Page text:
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This drawings depicts the winding course of the River Usk as it flows by the Roman town of Caerleon into the Severn Estuary and the Bristol Channel. Not far from the river mouth lies Newport. The Usk is not navigable except at this point, but the Monmouthshire and Brecon and Abergavenny canals, in part following the valley, carry a small trade up to Brecon. Cardiff, depicted at bottom left, was a town of only 6,000 inhabitants when this plan was produced.
This is a map of Monmothshire by Christopher Saxton dating from 1577. It forms part of an atlas that belonged to William Cecil Lord Burghley, Elizabeth I’s Secretary of State. Burghley used this atlas to illustrate domestic matters. This map is actually a proof copy of one which forms part of Christopher Saxton’s Atlas of England and Wales. This atlas was first published as a whole in 1579. It consists of 35 coloured maps depicting the counties of England and Wales. The atlas is of great significance to British cartography as it set a standard of cartographic representation in Britain and the maps remained the basis for English county mapping, with few exceptions, until after 1750. During the reign of Elizabeth I, map use became more common, with many government matters referring to increasingly accurate maps, with consistent scales and symbols, made possible by advances in surveying techniques. Illustrating the increasing use of maps in government matters, Lord Burghley, who had been determined to have England and Wales mapped in detail from the 1550s, selected the cartographer Christopher Saxton to produce a detailed and consistent survey of the country. The financier of the project was Thomas Seckford, Master of Requests at the Court of Elizabeth I, whose arms appear, along with the royal crest, on each map. Burghley has annotated this map, adding several place names. The name of the engraver of this map is not included but it would have been one of a team of seven English and Flemish engravers employed to produce the copper plates for the atlas.
William Cecil, Lord Burghley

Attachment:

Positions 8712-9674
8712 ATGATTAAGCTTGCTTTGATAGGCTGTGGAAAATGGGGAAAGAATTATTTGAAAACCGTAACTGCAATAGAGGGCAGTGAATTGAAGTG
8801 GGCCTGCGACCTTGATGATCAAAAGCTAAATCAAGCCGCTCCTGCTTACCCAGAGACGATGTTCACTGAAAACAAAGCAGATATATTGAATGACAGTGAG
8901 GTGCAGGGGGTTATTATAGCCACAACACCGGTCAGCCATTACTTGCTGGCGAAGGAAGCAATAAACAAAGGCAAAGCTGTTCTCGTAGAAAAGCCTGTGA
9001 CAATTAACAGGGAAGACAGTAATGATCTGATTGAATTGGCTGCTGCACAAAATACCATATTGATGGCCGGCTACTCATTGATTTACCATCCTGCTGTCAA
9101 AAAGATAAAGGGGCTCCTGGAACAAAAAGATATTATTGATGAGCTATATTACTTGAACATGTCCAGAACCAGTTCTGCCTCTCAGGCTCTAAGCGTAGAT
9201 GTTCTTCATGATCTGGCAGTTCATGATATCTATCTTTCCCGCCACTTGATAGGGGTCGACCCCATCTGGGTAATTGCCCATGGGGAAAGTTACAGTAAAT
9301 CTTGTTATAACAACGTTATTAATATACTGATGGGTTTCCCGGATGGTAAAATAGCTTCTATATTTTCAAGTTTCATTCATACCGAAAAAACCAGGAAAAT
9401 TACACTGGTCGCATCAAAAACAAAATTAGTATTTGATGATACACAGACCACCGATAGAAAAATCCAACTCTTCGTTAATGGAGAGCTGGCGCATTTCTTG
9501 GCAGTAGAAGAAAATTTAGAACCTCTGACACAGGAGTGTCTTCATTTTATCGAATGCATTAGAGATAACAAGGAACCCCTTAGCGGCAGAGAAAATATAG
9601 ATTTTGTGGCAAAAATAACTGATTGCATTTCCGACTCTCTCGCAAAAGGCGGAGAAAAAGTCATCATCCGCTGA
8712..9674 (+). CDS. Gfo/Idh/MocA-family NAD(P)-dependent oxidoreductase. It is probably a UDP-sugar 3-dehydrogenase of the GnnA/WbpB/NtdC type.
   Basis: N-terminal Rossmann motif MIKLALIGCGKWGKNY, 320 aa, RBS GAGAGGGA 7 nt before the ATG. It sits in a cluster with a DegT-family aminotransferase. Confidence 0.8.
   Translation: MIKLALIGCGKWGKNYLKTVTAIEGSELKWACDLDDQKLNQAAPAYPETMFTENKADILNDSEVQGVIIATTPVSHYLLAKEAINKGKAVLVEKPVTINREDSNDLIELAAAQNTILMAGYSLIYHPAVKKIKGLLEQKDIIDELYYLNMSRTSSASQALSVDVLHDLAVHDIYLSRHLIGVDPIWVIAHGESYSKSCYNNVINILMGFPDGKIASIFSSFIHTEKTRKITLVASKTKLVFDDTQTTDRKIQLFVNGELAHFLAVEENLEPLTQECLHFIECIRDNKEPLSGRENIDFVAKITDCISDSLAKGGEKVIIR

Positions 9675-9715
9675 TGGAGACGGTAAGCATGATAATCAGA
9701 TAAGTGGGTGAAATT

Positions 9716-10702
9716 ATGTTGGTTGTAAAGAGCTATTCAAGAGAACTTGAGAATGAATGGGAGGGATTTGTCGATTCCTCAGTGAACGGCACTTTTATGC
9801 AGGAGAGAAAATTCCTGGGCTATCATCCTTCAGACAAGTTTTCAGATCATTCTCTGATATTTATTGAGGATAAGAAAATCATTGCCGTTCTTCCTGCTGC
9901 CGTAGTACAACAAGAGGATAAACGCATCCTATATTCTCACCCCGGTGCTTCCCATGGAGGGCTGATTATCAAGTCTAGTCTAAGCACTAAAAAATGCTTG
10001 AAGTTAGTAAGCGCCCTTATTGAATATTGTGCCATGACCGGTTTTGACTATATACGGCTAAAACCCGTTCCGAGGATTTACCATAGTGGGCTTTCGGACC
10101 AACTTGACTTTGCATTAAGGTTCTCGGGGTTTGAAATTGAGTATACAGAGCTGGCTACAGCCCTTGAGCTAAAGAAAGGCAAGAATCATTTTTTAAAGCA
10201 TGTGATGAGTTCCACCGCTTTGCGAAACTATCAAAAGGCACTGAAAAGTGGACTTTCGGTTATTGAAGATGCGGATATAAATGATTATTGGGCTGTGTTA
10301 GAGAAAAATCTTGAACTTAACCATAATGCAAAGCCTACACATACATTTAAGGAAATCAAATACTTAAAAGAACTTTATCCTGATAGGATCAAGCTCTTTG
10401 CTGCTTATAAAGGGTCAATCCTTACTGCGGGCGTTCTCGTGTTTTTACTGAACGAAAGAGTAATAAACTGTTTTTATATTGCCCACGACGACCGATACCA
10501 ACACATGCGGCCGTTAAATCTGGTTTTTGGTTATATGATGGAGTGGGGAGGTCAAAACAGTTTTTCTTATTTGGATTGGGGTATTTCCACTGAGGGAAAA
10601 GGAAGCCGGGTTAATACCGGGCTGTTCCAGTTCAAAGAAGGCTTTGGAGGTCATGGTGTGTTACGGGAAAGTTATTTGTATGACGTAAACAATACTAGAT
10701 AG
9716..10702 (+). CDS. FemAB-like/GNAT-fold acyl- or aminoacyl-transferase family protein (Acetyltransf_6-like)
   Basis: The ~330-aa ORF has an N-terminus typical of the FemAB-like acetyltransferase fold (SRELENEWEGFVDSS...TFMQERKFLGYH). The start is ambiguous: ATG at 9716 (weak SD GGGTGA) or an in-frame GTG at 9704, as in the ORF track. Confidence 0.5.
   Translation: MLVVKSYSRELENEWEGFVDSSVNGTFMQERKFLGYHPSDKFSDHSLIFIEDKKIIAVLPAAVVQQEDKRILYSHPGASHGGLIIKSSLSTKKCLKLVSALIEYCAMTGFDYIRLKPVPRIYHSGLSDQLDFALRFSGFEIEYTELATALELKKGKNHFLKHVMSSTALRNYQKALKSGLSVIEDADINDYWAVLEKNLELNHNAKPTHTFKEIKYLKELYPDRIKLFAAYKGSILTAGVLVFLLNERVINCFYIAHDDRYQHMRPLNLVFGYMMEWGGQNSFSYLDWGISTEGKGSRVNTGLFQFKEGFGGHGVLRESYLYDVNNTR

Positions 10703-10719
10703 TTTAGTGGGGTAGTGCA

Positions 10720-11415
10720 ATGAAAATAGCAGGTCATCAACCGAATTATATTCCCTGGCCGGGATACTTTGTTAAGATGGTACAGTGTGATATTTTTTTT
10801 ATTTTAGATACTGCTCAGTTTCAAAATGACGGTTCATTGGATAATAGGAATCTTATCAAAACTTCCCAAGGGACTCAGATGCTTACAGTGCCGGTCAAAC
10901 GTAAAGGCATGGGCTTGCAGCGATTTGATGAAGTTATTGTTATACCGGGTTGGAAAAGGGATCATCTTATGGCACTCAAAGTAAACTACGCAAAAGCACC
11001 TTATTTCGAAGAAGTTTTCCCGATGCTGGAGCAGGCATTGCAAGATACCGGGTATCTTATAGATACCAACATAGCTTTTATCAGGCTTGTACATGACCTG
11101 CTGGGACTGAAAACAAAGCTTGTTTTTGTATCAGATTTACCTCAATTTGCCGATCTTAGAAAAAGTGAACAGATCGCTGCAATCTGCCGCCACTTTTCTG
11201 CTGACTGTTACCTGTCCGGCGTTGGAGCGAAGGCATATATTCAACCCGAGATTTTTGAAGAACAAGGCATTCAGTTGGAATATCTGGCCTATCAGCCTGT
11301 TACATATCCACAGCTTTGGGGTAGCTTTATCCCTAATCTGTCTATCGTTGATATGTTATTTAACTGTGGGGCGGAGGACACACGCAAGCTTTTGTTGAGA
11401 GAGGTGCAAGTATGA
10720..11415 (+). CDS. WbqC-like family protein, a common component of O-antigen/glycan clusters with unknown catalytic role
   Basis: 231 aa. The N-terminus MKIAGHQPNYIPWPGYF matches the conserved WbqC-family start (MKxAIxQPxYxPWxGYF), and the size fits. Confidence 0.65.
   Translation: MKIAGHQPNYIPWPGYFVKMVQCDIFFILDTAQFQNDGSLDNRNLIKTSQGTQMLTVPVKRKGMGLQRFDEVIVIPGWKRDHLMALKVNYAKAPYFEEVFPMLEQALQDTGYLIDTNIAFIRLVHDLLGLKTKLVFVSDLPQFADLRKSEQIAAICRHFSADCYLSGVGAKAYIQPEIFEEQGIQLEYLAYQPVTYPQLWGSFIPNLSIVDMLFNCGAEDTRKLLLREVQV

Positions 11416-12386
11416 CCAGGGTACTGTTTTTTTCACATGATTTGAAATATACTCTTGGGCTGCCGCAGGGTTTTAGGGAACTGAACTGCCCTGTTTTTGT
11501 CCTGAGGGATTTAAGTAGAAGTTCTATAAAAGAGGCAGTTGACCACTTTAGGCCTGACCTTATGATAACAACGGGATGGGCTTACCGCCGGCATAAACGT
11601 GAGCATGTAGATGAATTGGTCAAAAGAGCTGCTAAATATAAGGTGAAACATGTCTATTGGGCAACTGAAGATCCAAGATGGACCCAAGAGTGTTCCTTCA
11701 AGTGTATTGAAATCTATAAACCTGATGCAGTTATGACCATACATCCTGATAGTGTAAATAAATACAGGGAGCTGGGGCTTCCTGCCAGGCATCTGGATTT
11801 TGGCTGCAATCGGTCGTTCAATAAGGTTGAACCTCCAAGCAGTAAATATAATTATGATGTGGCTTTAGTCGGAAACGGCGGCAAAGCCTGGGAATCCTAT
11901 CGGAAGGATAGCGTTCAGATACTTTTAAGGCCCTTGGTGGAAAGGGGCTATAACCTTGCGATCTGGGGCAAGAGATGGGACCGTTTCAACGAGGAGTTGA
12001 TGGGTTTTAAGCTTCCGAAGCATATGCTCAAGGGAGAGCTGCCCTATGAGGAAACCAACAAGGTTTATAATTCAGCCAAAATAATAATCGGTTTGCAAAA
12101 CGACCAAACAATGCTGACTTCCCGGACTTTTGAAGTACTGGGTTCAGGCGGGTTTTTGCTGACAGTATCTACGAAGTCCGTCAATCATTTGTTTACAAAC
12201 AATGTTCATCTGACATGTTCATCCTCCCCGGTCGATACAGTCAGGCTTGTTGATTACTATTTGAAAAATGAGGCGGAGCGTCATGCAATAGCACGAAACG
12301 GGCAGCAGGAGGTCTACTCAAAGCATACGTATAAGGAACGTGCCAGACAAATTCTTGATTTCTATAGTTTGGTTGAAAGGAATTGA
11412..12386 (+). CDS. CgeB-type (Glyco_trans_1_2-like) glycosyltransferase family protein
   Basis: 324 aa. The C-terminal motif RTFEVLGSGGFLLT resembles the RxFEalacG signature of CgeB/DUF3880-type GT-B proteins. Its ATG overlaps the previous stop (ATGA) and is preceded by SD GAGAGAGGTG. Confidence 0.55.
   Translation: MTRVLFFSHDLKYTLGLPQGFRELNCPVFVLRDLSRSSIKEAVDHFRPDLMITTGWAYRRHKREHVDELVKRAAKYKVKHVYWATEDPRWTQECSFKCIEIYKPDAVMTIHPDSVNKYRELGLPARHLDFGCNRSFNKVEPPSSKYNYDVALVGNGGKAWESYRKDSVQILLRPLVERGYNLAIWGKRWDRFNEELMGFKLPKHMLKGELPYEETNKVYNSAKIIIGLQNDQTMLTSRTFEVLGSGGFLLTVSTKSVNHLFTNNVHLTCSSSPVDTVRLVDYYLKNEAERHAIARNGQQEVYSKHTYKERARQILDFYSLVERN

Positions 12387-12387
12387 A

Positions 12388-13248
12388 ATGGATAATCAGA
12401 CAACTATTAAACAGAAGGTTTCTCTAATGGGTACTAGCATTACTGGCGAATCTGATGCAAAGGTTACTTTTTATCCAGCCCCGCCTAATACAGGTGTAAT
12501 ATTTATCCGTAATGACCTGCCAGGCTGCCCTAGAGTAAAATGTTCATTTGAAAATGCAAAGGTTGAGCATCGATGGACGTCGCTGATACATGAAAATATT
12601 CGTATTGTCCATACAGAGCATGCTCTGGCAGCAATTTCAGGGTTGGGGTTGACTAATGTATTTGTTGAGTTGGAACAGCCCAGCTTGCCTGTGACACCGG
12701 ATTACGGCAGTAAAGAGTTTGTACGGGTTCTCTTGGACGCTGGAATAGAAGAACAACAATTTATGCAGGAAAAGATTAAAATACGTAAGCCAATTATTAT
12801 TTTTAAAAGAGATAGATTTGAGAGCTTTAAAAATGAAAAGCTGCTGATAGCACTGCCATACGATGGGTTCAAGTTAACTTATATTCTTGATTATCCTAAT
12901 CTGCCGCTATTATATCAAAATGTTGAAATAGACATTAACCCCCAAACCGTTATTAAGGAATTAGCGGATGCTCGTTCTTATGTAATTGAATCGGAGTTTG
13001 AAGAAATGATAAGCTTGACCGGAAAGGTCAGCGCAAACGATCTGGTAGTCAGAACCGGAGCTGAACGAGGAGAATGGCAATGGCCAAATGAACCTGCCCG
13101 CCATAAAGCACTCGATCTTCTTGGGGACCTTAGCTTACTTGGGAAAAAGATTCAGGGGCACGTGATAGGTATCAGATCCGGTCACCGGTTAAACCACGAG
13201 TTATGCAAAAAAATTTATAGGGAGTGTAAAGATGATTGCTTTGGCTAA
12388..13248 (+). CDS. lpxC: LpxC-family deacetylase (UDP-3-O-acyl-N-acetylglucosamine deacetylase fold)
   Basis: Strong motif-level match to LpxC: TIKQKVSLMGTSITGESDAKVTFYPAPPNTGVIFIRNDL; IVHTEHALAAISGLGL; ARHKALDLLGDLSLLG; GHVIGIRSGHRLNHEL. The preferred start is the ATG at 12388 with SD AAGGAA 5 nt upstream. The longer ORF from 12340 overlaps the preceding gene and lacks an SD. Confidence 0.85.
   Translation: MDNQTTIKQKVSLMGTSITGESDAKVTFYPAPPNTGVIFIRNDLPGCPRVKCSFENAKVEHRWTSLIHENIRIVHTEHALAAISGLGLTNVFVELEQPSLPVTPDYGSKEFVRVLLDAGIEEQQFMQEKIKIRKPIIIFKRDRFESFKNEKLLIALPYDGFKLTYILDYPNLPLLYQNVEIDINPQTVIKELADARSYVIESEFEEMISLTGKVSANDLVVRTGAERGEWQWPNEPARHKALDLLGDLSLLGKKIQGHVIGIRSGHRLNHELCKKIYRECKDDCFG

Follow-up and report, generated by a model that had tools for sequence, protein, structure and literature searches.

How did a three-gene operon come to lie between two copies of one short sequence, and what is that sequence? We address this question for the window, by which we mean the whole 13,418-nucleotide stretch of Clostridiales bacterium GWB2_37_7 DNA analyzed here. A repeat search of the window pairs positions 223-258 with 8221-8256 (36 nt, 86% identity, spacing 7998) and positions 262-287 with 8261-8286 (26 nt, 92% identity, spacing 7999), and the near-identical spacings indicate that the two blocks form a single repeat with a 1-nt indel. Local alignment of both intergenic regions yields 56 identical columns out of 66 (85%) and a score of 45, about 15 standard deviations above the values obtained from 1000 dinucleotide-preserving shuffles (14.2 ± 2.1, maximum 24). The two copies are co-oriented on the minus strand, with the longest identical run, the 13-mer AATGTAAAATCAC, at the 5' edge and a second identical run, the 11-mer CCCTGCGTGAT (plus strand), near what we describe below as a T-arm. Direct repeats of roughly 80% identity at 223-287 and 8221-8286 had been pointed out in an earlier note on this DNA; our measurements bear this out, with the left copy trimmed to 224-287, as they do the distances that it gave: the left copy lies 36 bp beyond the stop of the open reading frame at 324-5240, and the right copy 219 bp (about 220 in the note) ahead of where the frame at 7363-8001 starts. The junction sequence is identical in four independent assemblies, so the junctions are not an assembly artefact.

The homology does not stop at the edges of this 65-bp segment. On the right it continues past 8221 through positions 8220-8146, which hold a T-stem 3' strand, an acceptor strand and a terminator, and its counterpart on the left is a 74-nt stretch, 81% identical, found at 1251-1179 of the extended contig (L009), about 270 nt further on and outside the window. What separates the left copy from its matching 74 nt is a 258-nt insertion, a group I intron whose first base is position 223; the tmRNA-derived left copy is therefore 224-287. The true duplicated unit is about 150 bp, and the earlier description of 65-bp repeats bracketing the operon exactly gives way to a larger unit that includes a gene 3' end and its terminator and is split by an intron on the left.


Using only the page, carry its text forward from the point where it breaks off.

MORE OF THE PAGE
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The Avon barracks and battery are documented at the mouth of the River Severn, at the top of the map, protecting the Bristol Channel. Gravemounds ('Tumuli'), hill forts, ancient camps and antiquities are distinguished by the use of gothic lettering. The recording of archaeological details became obligatory in 1816. Quarries, kilns, mills, brickyards and pits dominate this industrial region of the West Midlands. According to a note in the Ordnance Survey Day Books, held in the National Archives, a one inch-to-the-mile reduction of this plan was delivered to Captain Gossett for engraving in the Drawing Office at the Tower of London in March 1830.
This drawing highlights Bath and the River Avon. Major communication routes are coloured yellow/buff, according to military cartographic convention. Shading and 'hachuring' denote relief and give an overall impression of the undulating landscape. The Somerset Coal Canal is clearly visible leading into Bath. It was established by Act of Parliament in 1794 and welcomed by the mine owners of north Somerset as a cheaper way of transporting coal to Bath and the surrounding areas, curbing fears of an influx of Welsh coal. The canal was one of the most successful in the country, carrying over 100,000 tons of coal per year. That success was to be checked, however, by the expansion of the local rail network, in particular, the opening of the line between Radstock and Frome, which hastened the canal's closure in 1898. At the time of this survey, the canal was fully operational.
This drawing covers the Mendip Hills, from Wrington to Wells. Pencil rays extend from the left of the map towards Red Hill, on the right, and Mark and Tillham, on the bottom right. The draughtsman used these lines to measure relative distance and to plot locations by triangulation. Masberry Castle is shown in the bottom right, on top of a hill whose steepness is indicated by soft brushwork interlining ('hachuring'). The castle path joins the main turnpike road, whose length is annotated at intervals of one mile. Many field boundaries are marked in red, denoting stone walls rather than corrections in this case.